Communication is the essence of marketing. For communication to be effective, it is essential to use strategies that deliver a message clearly, at the right moment and in the right place. Technology facilitates this, which is why we have seen a surge in digital marketing techniques applied to events.
This year we are likely to see how multichannel marketing consolidates its position as a top digital marketing tool for the events industry. Multichannel marketing involves the coordination of different channels, from content marketing to email, including social media, printed mail, paid advertising, etc. This is a critical aspect of event marketing due to its role in lead generation, and must be orchestrated into other aspects of an event marketing plan.
2020 will be a year to get creative with multichannel marketing strategies. We are already seeing some planners create events that do not market their product or service directly, but rather promote values that resonate with their audience. https://blog.bizzabo.com/multi-touch-event-marketing An example is The Economist’s roaming food truck, which delivered a message the on environmental impact of our food choices. This strategy supports important events organised by The Economist, such as the https://events.economist.com/ Sustainability Summit, and promotes it among a different audience.
Another sub-trend within multichannel marketing involves the growing understanding that customer journeys are no longer lineal. This makes it essential to choose channels that convey your message consistently at every touch point. In the case of events, this means from the event website to post-event follow up communications.
Experience At The Core
This year we will see an increasing number of events become bespoke experiences from beginning to end. This growing focus on personalisation requires a paradigm shift: as IBM’s VP of Events and Conferences put it, it is “one experience for 30,000 people vs 30,000 experiences within a single event”. Undoubtedly, this is one of the main challenges of 21st century event marketing.
Turning events into personalised experiences requires a detailed grasp of who are your event attendees and what their expectations look like. Concepts like customer personas and customer journeys can be successfully imported into events marketing to achieve the kind of bespoke experience that impresses attendees and makes them feel like VIPs.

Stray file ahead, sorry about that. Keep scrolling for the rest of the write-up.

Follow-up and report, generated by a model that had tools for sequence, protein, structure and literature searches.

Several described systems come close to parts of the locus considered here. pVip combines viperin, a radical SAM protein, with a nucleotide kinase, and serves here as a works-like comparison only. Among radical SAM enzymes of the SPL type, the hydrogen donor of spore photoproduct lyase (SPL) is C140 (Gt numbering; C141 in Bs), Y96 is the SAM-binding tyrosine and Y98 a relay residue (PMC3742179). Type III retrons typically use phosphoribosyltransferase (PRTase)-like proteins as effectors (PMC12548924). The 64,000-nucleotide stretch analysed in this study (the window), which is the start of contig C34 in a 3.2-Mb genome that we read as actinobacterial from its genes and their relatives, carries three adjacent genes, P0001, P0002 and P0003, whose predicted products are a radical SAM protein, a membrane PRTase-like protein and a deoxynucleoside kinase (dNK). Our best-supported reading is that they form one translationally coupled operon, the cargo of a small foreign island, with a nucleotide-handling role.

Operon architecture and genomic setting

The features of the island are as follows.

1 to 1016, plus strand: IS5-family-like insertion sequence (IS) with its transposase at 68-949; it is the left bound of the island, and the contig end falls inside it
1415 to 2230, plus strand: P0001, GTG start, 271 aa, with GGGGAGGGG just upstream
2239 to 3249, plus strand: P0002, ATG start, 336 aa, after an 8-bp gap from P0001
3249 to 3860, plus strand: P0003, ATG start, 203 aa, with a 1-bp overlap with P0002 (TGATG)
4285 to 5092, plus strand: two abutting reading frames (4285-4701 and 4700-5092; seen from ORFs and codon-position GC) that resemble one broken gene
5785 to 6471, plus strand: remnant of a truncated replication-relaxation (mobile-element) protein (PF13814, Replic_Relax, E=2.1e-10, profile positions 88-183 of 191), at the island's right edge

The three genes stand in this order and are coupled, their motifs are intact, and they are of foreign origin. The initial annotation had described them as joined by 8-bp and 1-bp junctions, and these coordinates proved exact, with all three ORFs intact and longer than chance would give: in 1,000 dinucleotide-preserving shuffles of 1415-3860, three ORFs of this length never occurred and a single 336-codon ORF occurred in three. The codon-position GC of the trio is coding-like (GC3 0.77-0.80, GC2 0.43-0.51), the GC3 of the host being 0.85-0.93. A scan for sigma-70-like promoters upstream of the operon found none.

The experiential focus can also extended to the selection of event partners, for example those providing accommodation services. During 2020, we will most likely witness an increasingly sophisticated approach to choosing event travel partners, with a focus on those that deliver tailored guest experiences that are a perfect match to attendee’s lifestyle preferences.
Another trend worth mentioning involves blurring the divide between consumer and business events. This means adding a social or gamified component to events by default (e.g. giveaways, hands-on experiences, group competitions, etc.). This year’s message is “put people first”, and plan your event marketing strategy around those things that capture human attention universally.
Delivering Satisfaction Beyond The Event
The exponential growth of the bleisure sector is set to impact the way we plan events. Bleisure is already earmarked to be one of the biggest trends in travel industry in 2020, and the bleisure offer is key factor weighing into the decision to attend an event or not.
The growth of this sector is also a result of demographic changes that event organisers cannot overlook. Millennials are becoming the predominant demographic in today’s workforce, and their strong orientation – and expectation- towards travel and leisure is likely to be carried into business events.